Rose Raventhorpe Investigates: Hounds And Hauntings by Janine Beacham

The Blurb On The Back:

The city of Yorke is in a state of panic.  There’s been a murder!  Rumours are circling that an ancient ghost-hound is the culprit.

Rose Raventhorpe, her friend Orpheus and they city’s secret society of butlers search for clues down dark, eerie skitterways, on the mist-covered moors and atop the ancient walls of the city.  Rose believes that the villain is human, and she’s determined to prove it.

There’s no sweeping this crime under the carpet …  

The Review (Cut For Spoilers):

There’s something terribly wrong in the city of Yorke.  Rose Raventhorpe can feel it in the stones of the city’s walls and the streets are full of talk of a Barghest (a kind of demonic dog), which has been blamed for the death of a pickpocket in the Shudders.

As Guardians, she and her friend Orpheus Raven decide to investigate with the help of the Butlers (including the loyal Heddsworth) but as more attacks take place, the Wakemen are summoned on behalf of the Mayor.  Corrupt and brutal, the Wakemen feed the fear running through Yorke as people become convinced the Barghest is operating at the command of the reclusive gothic author, Miss Wildcliffe, who’s accused of being a witch.

Rose is convinced that there’s nothing supernatural about the crimes and that someone is masterminding them but with the Wakemen taking control of the city and keen to force the Butlers out, it won’t be easy to uncover the culprit …

The third in Janine Beacham’s ROSE RAVENTHORPE SERIES is a supernatural mystery novel for children aged 9+ set in an alternate 19th century York with a twisting plot filled with red herrings and action and although I felt that the cast of characters was perhaps too wide as I lost track of who was who, this is in part because I haven’t read the earlier books and there’s certainly enough here to make me want to rectify that.

Rose is an interesting main character and I liked her courage and her connection to Yorke but I did feel that I had missed a lot in terms of her backstory because I hadn’t read the first two books, which means I wasn’t sure of her history with Orpheus or Heddsworth and so found the lack of conflict between them a little bland.  I was also a little discombobulated by the alternative Yorke with geography similar to but different from the real city of York and the references to real 19th century historical books although I think Beacham does well at giving her world a personality.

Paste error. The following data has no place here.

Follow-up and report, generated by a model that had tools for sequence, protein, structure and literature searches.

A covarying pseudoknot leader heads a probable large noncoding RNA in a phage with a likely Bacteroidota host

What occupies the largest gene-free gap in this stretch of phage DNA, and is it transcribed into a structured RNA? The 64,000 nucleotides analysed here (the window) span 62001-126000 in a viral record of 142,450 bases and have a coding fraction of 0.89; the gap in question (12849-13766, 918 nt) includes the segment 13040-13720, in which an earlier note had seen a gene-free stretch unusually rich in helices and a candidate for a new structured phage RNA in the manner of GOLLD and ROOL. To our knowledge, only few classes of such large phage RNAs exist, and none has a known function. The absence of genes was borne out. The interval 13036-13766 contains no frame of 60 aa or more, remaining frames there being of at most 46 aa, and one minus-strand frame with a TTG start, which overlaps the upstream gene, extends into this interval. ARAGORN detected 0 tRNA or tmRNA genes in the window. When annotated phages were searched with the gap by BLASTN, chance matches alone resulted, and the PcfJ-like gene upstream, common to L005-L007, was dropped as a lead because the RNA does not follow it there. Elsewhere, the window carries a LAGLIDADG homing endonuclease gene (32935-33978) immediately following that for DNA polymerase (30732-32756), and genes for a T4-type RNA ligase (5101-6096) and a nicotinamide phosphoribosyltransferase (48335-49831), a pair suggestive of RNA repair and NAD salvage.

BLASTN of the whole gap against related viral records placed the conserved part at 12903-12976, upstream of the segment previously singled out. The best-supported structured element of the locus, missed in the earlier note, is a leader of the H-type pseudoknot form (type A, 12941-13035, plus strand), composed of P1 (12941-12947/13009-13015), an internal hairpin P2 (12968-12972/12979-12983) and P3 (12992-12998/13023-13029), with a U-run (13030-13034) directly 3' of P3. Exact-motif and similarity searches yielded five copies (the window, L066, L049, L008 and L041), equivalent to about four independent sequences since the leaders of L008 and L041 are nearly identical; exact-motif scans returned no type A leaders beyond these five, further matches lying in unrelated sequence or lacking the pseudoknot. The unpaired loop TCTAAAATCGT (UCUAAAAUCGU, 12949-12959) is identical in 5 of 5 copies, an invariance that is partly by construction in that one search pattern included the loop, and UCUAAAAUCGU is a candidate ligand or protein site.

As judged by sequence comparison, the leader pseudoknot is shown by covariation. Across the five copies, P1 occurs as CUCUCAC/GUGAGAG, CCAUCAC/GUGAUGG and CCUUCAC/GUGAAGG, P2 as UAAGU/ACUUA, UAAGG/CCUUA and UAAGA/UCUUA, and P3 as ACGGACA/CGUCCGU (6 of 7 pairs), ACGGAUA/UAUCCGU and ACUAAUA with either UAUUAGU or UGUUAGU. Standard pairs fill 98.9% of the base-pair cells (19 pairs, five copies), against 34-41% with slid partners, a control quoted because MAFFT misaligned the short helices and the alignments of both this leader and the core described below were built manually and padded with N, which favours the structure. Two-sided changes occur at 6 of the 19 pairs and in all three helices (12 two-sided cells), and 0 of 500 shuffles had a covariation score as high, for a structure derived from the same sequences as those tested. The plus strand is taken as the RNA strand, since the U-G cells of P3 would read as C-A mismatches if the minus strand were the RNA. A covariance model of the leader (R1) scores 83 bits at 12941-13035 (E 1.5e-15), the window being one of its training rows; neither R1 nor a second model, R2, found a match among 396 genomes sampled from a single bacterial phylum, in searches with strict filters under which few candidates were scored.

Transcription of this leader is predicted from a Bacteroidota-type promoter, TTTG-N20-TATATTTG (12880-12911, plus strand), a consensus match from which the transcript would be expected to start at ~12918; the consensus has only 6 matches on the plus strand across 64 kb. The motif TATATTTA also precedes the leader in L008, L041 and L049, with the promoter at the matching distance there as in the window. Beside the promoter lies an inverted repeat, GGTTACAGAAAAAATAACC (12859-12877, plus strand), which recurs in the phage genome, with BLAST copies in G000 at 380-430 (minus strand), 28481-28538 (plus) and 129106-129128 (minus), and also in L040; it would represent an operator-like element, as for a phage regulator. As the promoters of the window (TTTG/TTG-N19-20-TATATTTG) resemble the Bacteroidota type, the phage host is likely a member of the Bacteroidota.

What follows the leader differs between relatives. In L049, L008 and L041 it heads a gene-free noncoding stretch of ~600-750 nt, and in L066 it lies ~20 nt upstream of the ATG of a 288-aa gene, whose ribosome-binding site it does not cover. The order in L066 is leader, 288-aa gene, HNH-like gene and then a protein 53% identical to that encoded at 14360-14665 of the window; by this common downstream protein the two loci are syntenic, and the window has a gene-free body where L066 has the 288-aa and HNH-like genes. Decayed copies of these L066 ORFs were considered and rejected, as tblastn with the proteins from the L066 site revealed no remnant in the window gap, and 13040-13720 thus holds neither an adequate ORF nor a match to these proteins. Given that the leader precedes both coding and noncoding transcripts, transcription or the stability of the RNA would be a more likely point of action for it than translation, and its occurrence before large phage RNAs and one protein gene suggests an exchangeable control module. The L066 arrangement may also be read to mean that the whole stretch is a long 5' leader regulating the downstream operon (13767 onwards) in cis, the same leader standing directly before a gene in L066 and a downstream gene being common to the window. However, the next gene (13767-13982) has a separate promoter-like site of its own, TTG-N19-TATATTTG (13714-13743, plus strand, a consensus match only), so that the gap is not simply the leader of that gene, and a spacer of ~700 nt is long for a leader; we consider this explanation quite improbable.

I thought that the Wakemen were suitably grasping and malevolent and I enjoyed the way they quickly take advantage of what’s happening in the city to establish control.  Their antipathy to the Butlers and to the grumpy, suffer-no-fools Miss Wildcliffe is also well depicted (and I would like to see her again in future books).  I’m not sure how I feel about the Butlers and their dedication to service because I haven’t seen how it’s been developed, but I enjoyed the mystical sword for Guardians storyline (although I wish there’d been a little more made of the reason for the Wakemen’s interest in it) and there’s good diversity on show in terms of the make-up of the Butlers and how they accept people from different ethnicities, genders and classes.

My main criticism is that there are an awful lot of characters in the book, including characters who Rose and Orpheus have met in previous adventures and I found it difficult to tell who was who and what their history was with the main characters at times.  I also wondered whether all of those characters were actually needed as some, e.g. Emily and Harry Dodge who didn’t seem to have much of a purpose.

My criticism aside though, I thought this was an entertaining read with a lot to keep readers aged 9+ engaged and I would definitely go back and read the first two books in the series on the basis of this book.

ROSE RAVENTHORPE INVESTIGATES” HOUNDS AND HAUNTINGS was released in the United Kingdom on 11th January 2018.  Thanks to Walker Books for the review copy of this book.

Leave a Reply

Fill in your details below or click an icon to log in:

WordPress.com Logo

You are commenting using your WordPress.com account. Log Out /  Change )

Twitter picture

You are commenting using your Twitter account. Log Out /  Change )

Facebook photo

You are commenting using your Facebook account. Log Out /  Change )

Connecting to %s